HC Deb 10 March 1947 vol 434 cc925-6
1. Mr. Wilson Harris

asked the Minister of Works what is the present location and future destiny of the statue of King James II which formerly stood behind the Admiralty.

The Minister of Works (Mr. Key)

The statue of King James II is at present in store to which it was removed for safety during the war. The choice of a new site for this statue is under consideration.

Mr. Harris

Will the right hon. Gentleman consider establishing this despicable Sovereign in St. James's Square, where he will have the facility of contemplating his successor, William of Orange?

Mr. Godfrey Nicholson

Is it not a fact that this Sovereign did a great deal for His Majesty's Navy, and that that should never be forgotten?

Sir Ronald Ross

Will the Minister consider retaining the statue of this Monarch in storage, despite his services to the Navy, as he had some rather dubious achievements later on?

Mr. Derek Walker-Smith

Will the Minister consider Parliament Square as a more appropriate site in order that Ministers may have a daily reminder of the fate that overtakes those who try to fetter the rights and still the voice of Parliament?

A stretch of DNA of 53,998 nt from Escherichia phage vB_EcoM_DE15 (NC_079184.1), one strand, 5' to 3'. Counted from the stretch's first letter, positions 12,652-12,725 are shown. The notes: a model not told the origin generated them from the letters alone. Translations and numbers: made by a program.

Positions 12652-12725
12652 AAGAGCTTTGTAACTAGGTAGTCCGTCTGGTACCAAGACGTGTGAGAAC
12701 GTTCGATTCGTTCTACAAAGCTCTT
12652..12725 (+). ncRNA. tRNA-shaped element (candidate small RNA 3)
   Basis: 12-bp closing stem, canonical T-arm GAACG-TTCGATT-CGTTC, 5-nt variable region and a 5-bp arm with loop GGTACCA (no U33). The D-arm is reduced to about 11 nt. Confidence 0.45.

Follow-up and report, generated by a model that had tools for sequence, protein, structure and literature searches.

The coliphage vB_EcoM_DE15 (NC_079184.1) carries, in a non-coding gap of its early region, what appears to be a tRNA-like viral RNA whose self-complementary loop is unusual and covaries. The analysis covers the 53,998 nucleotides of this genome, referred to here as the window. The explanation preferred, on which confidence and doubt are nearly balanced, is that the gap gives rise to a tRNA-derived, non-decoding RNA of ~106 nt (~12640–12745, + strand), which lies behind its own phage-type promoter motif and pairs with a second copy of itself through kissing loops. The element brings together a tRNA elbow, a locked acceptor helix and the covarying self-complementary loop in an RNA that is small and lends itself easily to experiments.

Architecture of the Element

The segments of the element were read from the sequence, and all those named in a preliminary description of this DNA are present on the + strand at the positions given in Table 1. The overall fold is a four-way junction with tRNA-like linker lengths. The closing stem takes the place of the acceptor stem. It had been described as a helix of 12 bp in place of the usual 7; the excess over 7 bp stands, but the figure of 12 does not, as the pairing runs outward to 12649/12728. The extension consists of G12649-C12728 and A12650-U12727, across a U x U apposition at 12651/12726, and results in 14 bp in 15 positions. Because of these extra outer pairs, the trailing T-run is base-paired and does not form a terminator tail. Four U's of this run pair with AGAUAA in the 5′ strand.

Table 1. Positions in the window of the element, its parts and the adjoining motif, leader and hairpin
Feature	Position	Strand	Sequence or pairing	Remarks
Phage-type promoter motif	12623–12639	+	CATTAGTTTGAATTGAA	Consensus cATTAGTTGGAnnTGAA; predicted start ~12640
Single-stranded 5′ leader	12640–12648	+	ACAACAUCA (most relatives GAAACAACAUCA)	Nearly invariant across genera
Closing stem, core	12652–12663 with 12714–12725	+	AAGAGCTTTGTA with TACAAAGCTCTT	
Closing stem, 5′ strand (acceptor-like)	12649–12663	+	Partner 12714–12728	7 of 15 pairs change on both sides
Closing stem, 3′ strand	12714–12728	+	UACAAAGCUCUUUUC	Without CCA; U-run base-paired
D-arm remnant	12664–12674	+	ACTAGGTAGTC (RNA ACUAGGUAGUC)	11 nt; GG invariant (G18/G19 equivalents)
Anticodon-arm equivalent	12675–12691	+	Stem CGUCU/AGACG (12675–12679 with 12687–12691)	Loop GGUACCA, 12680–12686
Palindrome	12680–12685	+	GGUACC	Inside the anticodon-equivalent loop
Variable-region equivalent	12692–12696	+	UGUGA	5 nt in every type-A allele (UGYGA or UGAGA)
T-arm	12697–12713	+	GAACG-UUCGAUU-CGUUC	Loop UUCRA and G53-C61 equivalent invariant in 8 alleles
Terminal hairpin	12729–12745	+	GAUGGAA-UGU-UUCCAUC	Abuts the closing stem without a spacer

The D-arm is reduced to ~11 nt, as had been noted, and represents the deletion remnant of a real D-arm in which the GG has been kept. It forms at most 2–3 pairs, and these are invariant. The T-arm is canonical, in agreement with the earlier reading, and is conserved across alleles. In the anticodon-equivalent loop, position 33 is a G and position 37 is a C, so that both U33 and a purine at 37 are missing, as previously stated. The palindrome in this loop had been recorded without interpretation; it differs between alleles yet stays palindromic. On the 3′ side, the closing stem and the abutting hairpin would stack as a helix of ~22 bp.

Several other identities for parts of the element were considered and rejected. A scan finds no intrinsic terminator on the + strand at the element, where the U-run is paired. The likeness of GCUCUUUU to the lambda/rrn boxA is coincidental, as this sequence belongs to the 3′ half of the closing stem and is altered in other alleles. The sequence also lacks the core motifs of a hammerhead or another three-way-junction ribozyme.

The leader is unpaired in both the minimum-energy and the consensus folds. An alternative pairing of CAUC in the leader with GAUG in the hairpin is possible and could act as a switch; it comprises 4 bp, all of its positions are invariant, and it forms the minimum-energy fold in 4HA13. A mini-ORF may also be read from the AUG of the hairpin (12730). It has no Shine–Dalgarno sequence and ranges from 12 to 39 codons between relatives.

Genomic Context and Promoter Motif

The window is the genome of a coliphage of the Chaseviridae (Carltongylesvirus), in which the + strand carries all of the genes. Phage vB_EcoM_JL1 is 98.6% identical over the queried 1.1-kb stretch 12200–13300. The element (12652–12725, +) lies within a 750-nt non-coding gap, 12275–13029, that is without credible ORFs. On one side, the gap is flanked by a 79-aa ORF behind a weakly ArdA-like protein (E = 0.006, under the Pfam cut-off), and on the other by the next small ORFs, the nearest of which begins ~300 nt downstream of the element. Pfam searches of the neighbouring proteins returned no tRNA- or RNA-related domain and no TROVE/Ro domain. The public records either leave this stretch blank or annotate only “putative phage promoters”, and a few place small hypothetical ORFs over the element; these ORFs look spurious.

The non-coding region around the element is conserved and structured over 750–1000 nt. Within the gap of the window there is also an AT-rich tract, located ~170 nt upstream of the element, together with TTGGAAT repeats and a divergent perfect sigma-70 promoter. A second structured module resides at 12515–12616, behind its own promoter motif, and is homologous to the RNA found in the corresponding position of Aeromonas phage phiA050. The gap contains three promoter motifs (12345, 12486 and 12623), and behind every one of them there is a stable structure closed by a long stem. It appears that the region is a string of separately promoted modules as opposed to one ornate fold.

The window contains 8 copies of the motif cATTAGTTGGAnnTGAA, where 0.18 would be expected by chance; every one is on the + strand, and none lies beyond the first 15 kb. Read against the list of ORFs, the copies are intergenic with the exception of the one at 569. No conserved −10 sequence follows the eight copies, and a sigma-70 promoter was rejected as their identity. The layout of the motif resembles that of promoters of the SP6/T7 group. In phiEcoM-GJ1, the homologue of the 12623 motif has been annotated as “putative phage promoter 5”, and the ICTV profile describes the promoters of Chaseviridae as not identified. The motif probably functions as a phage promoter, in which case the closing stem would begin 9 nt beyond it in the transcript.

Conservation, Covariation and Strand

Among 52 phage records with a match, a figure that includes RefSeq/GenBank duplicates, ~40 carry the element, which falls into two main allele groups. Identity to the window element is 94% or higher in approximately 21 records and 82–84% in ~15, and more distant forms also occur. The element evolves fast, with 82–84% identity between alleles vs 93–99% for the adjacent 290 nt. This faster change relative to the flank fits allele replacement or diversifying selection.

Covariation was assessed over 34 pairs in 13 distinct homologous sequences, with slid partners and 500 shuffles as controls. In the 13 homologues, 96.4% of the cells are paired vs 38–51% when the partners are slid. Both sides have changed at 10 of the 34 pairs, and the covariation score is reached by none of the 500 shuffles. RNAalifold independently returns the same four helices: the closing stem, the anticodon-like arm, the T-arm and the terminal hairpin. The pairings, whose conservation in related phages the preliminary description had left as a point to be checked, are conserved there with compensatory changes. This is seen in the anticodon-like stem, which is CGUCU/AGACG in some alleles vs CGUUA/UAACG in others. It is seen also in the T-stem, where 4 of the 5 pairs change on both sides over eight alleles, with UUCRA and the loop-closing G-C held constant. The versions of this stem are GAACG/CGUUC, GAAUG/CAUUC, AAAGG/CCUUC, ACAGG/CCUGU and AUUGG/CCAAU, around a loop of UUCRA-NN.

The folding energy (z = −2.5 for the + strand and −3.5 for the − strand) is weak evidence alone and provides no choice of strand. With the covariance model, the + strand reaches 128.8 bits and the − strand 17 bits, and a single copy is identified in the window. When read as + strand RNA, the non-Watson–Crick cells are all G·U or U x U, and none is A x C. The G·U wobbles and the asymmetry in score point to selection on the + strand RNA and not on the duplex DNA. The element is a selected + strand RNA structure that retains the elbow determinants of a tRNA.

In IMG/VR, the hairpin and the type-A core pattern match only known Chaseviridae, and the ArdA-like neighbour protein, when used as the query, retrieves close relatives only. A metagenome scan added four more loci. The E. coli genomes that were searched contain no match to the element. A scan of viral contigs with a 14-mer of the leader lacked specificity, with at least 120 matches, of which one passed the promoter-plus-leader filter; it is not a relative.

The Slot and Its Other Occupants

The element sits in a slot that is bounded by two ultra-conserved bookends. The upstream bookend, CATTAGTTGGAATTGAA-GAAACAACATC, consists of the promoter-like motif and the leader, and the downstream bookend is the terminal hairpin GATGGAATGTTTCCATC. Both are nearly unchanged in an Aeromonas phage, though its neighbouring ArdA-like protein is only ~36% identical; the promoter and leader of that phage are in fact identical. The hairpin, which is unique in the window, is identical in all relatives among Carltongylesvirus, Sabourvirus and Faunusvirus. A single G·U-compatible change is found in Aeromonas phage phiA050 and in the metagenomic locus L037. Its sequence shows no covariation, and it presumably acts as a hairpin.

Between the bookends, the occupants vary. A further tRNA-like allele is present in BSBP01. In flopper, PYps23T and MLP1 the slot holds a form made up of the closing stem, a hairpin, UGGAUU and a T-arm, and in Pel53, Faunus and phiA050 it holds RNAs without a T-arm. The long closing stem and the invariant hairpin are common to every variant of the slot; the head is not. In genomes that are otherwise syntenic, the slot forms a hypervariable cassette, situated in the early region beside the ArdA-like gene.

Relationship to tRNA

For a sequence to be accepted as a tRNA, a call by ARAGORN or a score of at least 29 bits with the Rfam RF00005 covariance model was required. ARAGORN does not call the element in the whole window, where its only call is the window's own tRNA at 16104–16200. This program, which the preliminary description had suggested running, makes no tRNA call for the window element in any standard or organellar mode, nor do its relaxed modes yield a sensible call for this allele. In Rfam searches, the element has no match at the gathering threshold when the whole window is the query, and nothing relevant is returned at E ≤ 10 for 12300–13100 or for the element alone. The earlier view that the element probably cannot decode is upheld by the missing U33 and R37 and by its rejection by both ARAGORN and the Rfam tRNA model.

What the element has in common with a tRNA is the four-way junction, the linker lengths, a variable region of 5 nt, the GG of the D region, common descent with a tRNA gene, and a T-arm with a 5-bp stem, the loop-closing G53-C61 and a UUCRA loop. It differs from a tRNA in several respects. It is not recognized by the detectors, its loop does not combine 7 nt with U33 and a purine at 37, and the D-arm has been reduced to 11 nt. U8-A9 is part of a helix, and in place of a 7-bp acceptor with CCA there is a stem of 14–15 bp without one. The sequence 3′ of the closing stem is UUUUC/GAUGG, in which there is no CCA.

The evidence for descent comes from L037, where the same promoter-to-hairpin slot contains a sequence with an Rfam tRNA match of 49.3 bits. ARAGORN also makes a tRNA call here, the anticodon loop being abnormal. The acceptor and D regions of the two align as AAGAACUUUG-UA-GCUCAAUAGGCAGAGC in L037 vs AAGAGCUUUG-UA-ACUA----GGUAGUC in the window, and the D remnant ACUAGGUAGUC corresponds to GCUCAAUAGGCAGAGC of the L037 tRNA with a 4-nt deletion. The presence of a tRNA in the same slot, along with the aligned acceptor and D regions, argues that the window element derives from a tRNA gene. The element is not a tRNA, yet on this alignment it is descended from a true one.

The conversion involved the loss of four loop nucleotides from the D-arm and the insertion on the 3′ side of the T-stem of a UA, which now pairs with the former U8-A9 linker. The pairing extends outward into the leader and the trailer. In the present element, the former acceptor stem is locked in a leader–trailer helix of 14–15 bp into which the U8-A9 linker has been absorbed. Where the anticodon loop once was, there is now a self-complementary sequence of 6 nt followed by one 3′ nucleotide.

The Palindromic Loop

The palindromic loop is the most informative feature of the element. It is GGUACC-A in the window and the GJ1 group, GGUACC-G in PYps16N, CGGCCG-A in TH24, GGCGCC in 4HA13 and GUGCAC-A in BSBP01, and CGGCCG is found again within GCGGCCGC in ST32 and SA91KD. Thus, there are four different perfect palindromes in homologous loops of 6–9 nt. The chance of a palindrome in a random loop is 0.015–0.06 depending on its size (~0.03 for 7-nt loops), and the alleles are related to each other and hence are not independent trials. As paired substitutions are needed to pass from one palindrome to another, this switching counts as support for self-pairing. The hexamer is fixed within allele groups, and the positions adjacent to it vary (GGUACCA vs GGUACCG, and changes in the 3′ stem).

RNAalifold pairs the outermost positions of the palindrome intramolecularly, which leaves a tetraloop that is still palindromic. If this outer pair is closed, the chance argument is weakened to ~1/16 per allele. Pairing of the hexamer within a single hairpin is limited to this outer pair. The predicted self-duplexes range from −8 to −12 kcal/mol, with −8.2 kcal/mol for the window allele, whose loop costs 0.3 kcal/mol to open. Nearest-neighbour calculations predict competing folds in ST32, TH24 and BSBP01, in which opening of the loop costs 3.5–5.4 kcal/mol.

2. Mr. Wilson Harris

asked the Minister of Works whether he will take steps to repair the fingers of the statue of Mr. Selden in St. Stephen's Hall.

Mr. Key

Yes, Sir. This statue, in common with others which have suffered damage, will be repaired as soon as possible.

Mr. Harris

Is the Minister aware of the pleasure his reply will give to many sensitive minds?

3. Mr. Wilson Harris

asked the Minister of Works whether he will take steps to erect a statue of King James I in the vicinity of Whitehall.

Mr. Key

No, Sir.

Mr. Harris

Will the Minister reconsider that very arbitrary reply? Is he aware that this Monarch conferred two inestimable benefits on his country, firstly, university representation in this House, and, secondly, the Authorised Version of the Bible? Does he not think these are worthy of commemoration?

Mr. Key

There are many other omissions from statuary in this country.

Mr. Nicholson

Is it not clear that London's statues give great pleasure to the "Spectator"?

Mr. Berry

Will the Minister bear in mind that this Monarch is best remembered by his absurd pamphlet against the smoking of tobacco?

Colonel Gomme-Duncan

Will the right hon. Gentleman also bear in mind that this excellent Sovereign executed the man who introduced that filthy weed?

Mr. Key

All I can say is that I am learning a lot of strange history.